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The obligation to file a Report of Foreign Bank and Financial Accounts (FBAR) has existed since the 1970s via the Bank Secrecy Act, but the regulation was rarely enforced until concerns over the tax gap began to dominate discussions in Washington in the late 2000s. The obligations to file Foreign Account Tax Compliance Act (FATCA) arose in 2010 and has ushered in a new era of intergovernmental agreements that has eroded and largely eliminated the expectation that any foreign account is truly secret.
The IRS and Department of Justice recognized that the strict enforcement of FATCA and FBAR filings represented a major shift for taxpayers and the global banking system. As such, they have permitted a period of adjustment so that taxpayers could bring their financial affairs and offshore accounts not compliance with the new regime. This included the ability to utilize the Offshore Voluntary Disclosure Program (OVDP) or Streamlined Disclosure programs to come back into compliance while simultaneously facing reduced or no penalties and other benefits. However, in light of the continually increasing flow of offshore tax filings, this window of opportunity may soon close.
According to IRS statistics, a record number of FBAR filings were filed with FinCEN in 2015. In fact, 1,163,229 were filed during the reporting year. This represents an increase of 8% over the previous year. Furthermore, FBAR filings have grown at an average rate of 17% during the previous five-year period.
Filings to satisfy a FATCA obligation have also increased steadily since the filing obligation’s debut in 2010. More than 300,000 FATCA Form 8938s were filed in 2010. This represents an increase of more than 50% from the form’s first year in 2010.
The continually increasing numbers of filings mean that more and more taxpayers are receiving the message that both FBAR filings and FATCA filings are not only important but also an essential part of maintaining one’s compliance with financial reporting obligations. This means that taxpayers are increasingly responsive to and comfortable with the new enforcement regime that strictly requires the disclosure of global assets. This may mean that the IRS may soon make terms of its voluntary disclosure initiative less favorable to the taxpayer.
This action would not be without precedence and the IRS has indicated that it reserves the right to make changes to the programs. In fact, the 2011 OVDP program was less favorable than the initial 2009 terms. Furthermore, in 2014, the IRS made drastic changes to the 2012 program that resulted in less favorable results for taxpayers. The 2014 changes to the OVDP program included the establishment of a new 50% penalty for taxpayer’s whose foreign financial institution was under investigation or deemed as a foreign facilitator. Now that it is becoming clear that a large portion of the public has received the message regarding the necessity of disclosure and is taking action to do so, the IRS may soon revise the programs again to create a less favorable result than current rules would allow.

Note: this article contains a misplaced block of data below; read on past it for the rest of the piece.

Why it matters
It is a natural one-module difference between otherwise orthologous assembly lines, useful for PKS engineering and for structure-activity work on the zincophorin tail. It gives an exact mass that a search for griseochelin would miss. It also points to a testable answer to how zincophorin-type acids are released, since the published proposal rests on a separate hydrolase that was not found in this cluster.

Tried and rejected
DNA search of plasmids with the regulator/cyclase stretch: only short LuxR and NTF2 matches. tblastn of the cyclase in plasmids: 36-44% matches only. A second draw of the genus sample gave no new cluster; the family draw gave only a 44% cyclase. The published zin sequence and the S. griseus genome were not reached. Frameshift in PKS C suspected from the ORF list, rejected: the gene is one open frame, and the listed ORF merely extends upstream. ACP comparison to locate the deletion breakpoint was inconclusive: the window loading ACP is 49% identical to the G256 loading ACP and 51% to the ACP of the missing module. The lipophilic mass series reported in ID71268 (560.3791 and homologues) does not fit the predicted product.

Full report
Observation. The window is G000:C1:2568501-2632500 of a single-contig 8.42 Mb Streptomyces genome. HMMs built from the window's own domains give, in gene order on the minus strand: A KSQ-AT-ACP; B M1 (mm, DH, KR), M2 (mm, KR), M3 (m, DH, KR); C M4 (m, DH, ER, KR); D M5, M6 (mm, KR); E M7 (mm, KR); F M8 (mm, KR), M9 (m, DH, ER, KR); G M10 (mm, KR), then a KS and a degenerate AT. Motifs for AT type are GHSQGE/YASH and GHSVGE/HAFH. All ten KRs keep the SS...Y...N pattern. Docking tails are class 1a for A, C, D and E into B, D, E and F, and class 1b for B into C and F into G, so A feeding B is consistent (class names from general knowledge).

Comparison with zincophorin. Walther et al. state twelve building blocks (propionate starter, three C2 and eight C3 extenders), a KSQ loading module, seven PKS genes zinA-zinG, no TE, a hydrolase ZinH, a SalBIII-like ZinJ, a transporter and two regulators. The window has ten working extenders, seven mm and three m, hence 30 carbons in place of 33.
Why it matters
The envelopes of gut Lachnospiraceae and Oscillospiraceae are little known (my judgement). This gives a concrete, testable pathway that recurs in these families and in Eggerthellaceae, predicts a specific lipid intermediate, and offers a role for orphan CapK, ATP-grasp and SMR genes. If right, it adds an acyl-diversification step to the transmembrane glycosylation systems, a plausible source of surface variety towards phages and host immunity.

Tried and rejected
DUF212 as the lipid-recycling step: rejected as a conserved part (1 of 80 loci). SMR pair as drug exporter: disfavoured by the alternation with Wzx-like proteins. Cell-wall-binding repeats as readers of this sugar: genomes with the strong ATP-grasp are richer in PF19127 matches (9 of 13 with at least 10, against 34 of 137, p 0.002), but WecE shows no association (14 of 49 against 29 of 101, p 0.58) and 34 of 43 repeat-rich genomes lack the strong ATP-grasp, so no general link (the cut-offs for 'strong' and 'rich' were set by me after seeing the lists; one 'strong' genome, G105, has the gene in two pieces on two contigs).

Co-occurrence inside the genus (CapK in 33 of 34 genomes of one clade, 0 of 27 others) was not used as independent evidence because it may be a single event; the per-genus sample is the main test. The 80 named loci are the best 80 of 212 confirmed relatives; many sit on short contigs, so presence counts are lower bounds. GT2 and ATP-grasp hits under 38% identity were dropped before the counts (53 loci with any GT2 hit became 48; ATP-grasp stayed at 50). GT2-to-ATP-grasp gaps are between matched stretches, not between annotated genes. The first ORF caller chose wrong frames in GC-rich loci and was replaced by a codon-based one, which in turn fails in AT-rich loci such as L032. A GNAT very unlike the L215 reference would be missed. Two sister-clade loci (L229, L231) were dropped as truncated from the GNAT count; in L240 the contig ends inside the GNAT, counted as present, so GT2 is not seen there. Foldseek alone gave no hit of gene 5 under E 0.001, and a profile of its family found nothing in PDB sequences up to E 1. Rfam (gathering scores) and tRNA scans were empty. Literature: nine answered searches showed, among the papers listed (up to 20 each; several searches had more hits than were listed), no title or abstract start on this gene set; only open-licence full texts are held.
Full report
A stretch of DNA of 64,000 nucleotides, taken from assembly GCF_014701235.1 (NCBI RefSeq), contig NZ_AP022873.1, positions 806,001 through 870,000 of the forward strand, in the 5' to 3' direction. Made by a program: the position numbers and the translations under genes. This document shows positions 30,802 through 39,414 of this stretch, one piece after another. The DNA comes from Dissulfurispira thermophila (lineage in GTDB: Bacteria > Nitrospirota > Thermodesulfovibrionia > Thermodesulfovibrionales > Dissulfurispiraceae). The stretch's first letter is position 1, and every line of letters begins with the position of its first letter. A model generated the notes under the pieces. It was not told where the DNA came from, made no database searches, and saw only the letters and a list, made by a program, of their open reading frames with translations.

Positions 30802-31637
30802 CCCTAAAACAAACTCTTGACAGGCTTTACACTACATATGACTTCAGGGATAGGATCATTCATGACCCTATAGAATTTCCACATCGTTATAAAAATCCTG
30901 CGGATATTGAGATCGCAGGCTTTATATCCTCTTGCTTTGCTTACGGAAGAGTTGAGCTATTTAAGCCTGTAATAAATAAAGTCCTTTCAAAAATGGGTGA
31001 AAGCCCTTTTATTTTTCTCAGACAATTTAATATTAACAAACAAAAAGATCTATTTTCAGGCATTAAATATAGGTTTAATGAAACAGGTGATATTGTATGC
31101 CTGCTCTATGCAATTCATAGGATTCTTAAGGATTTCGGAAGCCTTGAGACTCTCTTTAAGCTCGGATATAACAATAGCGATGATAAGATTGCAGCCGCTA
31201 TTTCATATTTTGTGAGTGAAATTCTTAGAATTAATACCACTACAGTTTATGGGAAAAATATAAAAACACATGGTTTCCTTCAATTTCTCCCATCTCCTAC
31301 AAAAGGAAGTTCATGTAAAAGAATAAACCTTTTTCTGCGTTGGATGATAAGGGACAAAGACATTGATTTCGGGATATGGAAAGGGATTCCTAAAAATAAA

If you still have undisclosed offshore bank accounts and have not been contacted by the IRS, you should consider yourself lucky because information sharing agreements, John Doe lawsuits, and other endeavors like the Swiss Bank Program have significantly increased the likelihood of offshore account identification. If you still have these accounts, your first step should be to speak with a tax attorney as soon as possible.
You should seek a tax lawyer and not an accountant because if the IRS or DOJ should decide to allege willfulness or criminal actions, only the attorney-client privilege is sufficient to protect the disclosures you made. You should take this action as quickly as possible because coming under investigation or the filing of charges against you will result in ineligibility for OVPD and other programs that can reduce penalties while permitting you to come back into compliance. However, prudent individuals do not attempt an OVDP or Streamlined filing without the advice of an experienced attorney because a botched or inappropriate filing can result in serious consequences.
If you are concerned about your legal and tax liabilities from undisclosed foreign accounts and assets, contact the Tax Law Offices of David W. Klasing today. David is an experienced, dually licensed attorney and CPA who has helped people in Los Angeles, Orange County, and expatriates living throughout the world address their international tax and foreign disclosure obligations. To schedule a reduced-rate consultation call us at 800-681-1295 today or contact us online.